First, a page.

The report can be read at goo.gl/RF9WV9

A presentation shown at the June 15 board meeting is at goo.gl/RH4DLY.

 

In California push to help students with dyslexia, LA schools take a first step

Courtesy of Gabriella Barbosa

June 25, 2017
1 Comment

The Los Angeles Unified school board jumped ahead of a new state law last week and instructed the school district to immediately create a plan to train teachers on the leading learning disability in California:, a reading impairment known as dyslexia.

The demand by the board of the second-largest school district in the U.S. was hailed by parent advocates as a signal that districts across the state, and potentially the nation, might finally provide interventions that help students with dyslexia learn to read. Effective interventions are available, but most school districts nationwide do not provide them widely, citing the cost of training, according to advocates for students with disabilities.

“We know what works,” said Pamela Cohen, a teacher in the district and a member of Decoding Dyslexia California, a parent advocacy group that has led state and national efforts to improve services. “It’s time to put the pedal to the metal.” She described her child’s anguish at not being able to learn to read and her own frustration at not being able to get help from teachers or school specialists.

Instead, her son received private tutoring for dyslexia starting in 2nd grade — $90 an hour, twice a week, for four years — because Los Angeles Unified did not provide assistance, she said. Few families can afford to hire an outside specialist. “This is a civil rights issue to me,” Cohen said. “We know that thousands of families in LAUSD cannot and should not have to pay out of their pockets so their children can learn to read.”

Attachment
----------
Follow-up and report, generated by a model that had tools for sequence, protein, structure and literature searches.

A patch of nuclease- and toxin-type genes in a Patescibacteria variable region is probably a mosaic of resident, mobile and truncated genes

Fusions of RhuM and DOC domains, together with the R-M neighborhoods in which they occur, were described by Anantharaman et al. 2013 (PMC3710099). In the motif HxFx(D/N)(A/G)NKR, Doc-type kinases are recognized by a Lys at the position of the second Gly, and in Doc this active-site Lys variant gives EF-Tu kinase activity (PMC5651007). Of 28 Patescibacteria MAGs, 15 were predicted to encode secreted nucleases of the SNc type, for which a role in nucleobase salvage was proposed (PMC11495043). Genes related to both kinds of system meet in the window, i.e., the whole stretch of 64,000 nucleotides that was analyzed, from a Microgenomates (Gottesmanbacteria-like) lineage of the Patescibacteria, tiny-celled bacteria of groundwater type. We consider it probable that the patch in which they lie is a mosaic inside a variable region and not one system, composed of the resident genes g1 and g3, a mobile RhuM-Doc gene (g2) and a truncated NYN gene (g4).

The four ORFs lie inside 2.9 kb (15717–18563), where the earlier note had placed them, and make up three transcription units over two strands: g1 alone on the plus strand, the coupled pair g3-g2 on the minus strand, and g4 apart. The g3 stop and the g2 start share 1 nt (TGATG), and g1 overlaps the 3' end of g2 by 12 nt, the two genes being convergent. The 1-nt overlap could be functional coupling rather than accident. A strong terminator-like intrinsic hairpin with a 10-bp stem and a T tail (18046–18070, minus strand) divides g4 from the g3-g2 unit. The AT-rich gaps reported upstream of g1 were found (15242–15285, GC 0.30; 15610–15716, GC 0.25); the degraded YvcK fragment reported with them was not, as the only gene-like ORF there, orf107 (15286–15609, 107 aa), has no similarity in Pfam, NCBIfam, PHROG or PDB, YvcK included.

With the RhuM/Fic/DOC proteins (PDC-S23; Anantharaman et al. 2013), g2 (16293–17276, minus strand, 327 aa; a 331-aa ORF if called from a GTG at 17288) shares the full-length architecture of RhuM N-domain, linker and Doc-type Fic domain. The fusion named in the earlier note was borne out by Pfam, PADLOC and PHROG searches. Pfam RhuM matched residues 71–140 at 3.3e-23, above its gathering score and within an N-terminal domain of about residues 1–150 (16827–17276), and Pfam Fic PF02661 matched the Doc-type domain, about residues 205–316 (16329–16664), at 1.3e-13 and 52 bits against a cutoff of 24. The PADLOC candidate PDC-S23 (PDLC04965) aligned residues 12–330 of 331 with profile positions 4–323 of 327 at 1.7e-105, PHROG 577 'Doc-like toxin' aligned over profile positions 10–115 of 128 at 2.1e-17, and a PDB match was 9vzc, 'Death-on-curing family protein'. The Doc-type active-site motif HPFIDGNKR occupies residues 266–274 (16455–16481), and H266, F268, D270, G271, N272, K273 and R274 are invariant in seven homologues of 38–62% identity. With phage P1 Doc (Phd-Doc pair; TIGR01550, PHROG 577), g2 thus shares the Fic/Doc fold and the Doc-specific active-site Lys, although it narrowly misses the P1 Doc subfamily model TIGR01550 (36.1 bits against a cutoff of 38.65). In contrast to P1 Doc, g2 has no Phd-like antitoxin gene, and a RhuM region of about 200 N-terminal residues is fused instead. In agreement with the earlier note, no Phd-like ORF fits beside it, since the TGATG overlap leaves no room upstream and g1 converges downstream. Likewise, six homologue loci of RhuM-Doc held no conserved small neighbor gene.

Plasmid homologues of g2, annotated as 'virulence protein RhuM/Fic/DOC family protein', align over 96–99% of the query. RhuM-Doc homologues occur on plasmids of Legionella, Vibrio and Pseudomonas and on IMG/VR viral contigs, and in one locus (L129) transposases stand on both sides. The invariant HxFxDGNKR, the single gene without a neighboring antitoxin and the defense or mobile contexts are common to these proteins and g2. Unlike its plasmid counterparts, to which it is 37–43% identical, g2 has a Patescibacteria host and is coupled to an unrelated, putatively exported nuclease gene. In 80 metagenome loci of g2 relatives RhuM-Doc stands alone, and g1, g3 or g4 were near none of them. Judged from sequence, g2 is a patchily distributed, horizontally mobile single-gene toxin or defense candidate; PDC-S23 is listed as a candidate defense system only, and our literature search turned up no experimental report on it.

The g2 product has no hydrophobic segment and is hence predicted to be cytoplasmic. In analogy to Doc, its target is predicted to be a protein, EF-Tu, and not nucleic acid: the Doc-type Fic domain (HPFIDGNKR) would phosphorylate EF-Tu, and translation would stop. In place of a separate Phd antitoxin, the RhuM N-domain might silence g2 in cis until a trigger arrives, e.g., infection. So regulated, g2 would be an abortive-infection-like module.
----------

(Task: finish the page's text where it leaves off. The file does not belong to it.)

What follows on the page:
Dyslexia is estimated to affect roughly 15 to 20 percent of the U.S. population, according to the International Dyslexia Association — which would mean about 1 million children in California schools. Once known as “word blindness,” dyslexia is a neurological disorder that makes it difficult to “sound out” words by matching letters with sounds. Brain imagery has shown that people with dyslexia process word identification differently. The disability is unrelated to intelligence.

The board gave Los Angeles Unified School District Superintendent Michelle King 90 days to return with an action plan to provide staff and teacher training on the warning signs of dyslexia, interventions proven by research to be effective and appropriate assessments for identifying dyslexia. School board member Scott Schmerelson, who co-sponsored the resolution with board member Ref Rodriguez, said that increasing early identification and effective intervention will be “life-changing” for students with dyslexia and their families.

Pressure on school districts in California to do more to help students with dyslexia increased with the passage of a 2015 law, Assembly Bill 1369, authored by Assemblyman Jim Frazier, D-Oakley. The law called for the California Department of Education to release new guidance for dyslexia services before the start of the 2017-18 school year — and the department has urged districts not to wait for the guidance to get started. In a traveling presentation to special education administrators around the state, the department said it is letting them know that both general education and special education departments need to make changes in how reading is taught.